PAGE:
Todd: Exactly. We talk about women’s attire, what it means to them, you know, who you’re going to take home, who you’re going to build with. We share about… Actually the interesting thing is that I’m able to even talk about sex. You know, with men and what they want and what they desire. The interesting thing that I’m trying to get at is that men aren’t as sexually astute as we think we know. We got pieces and parts. They do what they do with pieces and parts but they really don’t know what the pelvic… I was in a roomful of men. None of them understood the pelvic region of a woman, where the sensitive areas are and so forth.

So there’s a lot of misinformation, a lack of education that I believe that… I may not be able to take care of everybody in the world but there are certain pillars that you would impact certain pillars. That will resonate throughout society. And me being a part of the solution, Man Cave Resolutions is another venue where I can connect to men in very transparent places, still being honest, present and sincere in every moment. Because in those moments, they’re being transparent. They’re being very vulnerable. But now as that vulnerable, that transparent, that sincere in every moment. Now women, where they are partners, wherever they may be are able to glean information and build healthier, stronger relationships but also think about what the bondage or person of man moves throughout life, you’re 18. You got an erection. That is just great. You’re 45 and it just doesn’t act the same.

But who do you talk to during that process? How do you share with your partner? “Hey, I’m not rejecting your sexually because a lot of women are feeling rejected during those transformational period. You’re not being… “This is what’s going on with me. I take responsibility of it however we’re secure with those types of things.”

When we begin to explain the process, what happens? How do we address it? Women don’t feel rejected, man feels secure about who they are. We can still fall through the healthiest types of relationships.

Andrea: So now that you finished Season One of Man Cave, will you do it again? Will you take it on the road or what’s next?

Todd: Actually, I’m in the process of preparing for the second season. Actually after second season we’re going to focus primarily on relationships. And what we’re actually doing is going to bring an audience of women in it who are going to hit the conversations. So women will actually upfront have to watch Season One and men’s concepts about relationship. But then we’ll put both in the same room where they’re going to have the dialogue. So I’m looking forward to it. A lot of people are excited about it. Again it’s a lot of positive thing going on.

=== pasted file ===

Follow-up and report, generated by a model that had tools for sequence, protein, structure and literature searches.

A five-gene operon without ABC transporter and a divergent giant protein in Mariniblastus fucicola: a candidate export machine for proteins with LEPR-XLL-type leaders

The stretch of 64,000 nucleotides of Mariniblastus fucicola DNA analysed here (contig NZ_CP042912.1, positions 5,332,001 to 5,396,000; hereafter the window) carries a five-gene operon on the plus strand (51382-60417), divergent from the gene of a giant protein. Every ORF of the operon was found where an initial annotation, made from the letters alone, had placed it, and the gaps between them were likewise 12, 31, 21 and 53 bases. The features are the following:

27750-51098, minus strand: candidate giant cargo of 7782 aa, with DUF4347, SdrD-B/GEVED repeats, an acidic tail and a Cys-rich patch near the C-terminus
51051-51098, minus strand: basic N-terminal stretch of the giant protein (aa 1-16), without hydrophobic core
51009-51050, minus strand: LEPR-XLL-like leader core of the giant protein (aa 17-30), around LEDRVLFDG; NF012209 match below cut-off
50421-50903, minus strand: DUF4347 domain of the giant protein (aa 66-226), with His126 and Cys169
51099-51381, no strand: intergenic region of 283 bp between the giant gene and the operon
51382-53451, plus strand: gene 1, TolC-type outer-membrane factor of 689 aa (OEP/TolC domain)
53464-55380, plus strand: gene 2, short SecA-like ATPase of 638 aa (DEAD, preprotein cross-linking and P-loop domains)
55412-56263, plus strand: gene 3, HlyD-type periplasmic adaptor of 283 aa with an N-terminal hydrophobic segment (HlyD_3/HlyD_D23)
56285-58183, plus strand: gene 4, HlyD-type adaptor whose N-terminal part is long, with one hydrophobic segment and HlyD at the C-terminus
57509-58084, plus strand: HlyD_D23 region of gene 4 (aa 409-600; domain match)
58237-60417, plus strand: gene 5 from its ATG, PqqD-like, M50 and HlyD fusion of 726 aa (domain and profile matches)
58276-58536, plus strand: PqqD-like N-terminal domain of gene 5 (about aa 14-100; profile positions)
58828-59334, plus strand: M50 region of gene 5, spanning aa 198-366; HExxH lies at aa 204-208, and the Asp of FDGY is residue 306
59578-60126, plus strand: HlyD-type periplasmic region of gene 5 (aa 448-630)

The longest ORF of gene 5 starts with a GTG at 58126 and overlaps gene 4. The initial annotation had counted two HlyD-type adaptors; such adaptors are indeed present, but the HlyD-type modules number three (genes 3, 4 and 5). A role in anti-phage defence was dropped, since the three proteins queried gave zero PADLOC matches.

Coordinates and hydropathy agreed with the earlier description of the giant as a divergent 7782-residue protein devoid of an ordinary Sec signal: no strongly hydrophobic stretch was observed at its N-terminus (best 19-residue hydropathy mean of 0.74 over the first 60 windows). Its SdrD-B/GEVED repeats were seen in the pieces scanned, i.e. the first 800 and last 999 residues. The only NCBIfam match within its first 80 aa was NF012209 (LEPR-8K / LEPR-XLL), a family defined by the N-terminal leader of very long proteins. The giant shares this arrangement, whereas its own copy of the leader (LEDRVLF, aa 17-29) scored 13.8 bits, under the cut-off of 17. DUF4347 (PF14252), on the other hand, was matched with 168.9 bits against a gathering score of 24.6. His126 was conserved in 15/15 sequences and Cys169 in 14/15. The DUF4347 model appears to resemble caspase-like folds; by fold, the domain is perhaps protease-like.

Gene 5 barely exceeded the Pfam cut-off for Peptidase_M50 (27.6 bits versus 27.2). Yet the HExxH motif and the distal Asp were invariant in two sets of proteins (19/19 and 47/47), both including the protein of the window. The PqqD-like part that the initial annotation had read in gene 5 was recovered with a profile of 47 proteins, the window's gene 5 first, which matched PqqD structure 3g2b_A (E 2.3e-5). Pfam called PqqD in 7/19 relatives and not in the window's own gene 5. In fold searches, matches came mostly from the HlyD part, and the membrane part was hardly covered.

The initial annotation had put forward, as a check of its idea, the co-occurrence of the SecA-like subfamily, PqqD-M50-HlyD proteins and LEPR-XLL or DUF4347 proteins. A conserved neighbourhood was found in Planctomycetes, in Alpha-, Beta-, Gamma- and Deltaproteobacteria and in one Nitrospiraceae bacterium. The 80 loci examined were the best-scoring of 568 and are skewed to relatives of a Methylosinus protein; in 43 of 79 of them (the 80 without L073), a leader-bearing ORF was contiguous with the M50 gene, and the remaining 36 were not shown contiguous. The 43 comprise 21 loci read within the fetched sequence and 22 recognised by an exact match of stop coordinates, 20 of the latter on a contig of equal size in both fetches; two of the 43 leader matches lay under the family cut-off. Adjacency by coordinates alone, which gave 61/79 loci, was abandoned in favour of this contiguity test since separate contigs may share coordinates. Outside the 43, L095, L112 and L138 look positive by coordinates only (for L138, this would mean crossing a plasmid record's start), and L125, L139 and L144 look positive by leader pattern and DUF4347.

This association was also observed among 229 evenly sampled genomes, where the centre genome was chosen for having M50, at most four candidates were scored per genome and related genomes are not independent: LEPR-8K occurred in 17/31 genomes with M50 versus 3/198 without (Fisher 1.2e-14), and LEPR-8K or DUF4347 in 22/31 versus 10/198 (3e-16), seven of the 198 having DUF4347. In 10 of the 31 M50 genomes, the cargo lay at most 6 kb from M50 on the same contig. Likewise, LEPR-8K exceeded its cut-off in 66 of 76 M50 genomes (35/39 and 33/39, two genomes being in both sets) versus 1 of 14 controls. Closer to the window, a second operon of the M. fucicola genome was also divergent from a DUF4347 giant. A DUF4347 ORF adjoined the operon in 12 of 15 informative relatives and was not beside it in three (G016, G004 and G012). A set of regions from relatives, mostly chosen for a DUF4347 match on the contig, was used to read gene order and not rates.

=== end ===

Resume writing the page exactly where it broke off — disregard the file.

Andrea: And where can we find that? Is it www.mancaveconversations.com?

Todd: Correct. You can find it on www.mancaveconversations.com. We’re also on Facebook. Man Cave Conversations on Facebook. Mancaveconvo on Twitter. You can find us online 24 hours a day.

Andrea: All right. Well Todd, this has been an enlightening conversation just getting a little bit of a hint of what’s going on inside of you mind and inside of your therapy office. So thank you for being present, honest and sincere in our conversation. 

I do want to bring you back though so we can talk a little bit more the other side of it and that is some of the stuff you’re finding out with women because I would bet that women are opening up to you when they’re talking about their stuff in a way that’s very enlightening as well.

Todd: Yes, very much. I look forward to the opportunity. I was enjoying our account. Thank you.

Andrea: Yes, I do as well. So there you have it, ladies and gentlemen. I will put all the links below the video and in the Podcast and radio description so that you can check out Todd Malloy at the Inner Peace Counseling Center and his Man Cave Conversations.

Well it has been a pleasure. And I want to remind our audience that you are a gift to the world. So share your presence with passion. And until next time, may you be free from suffering, may you be truly well in body, mind and heart and may you know true happiness. Much love. See you.

Thanks for tuning in. Be sure to follow me on Twitter, @drandrea. And did you know? I’m on the radio daily. Visit www.americaoutloud.com to download the talk radio app.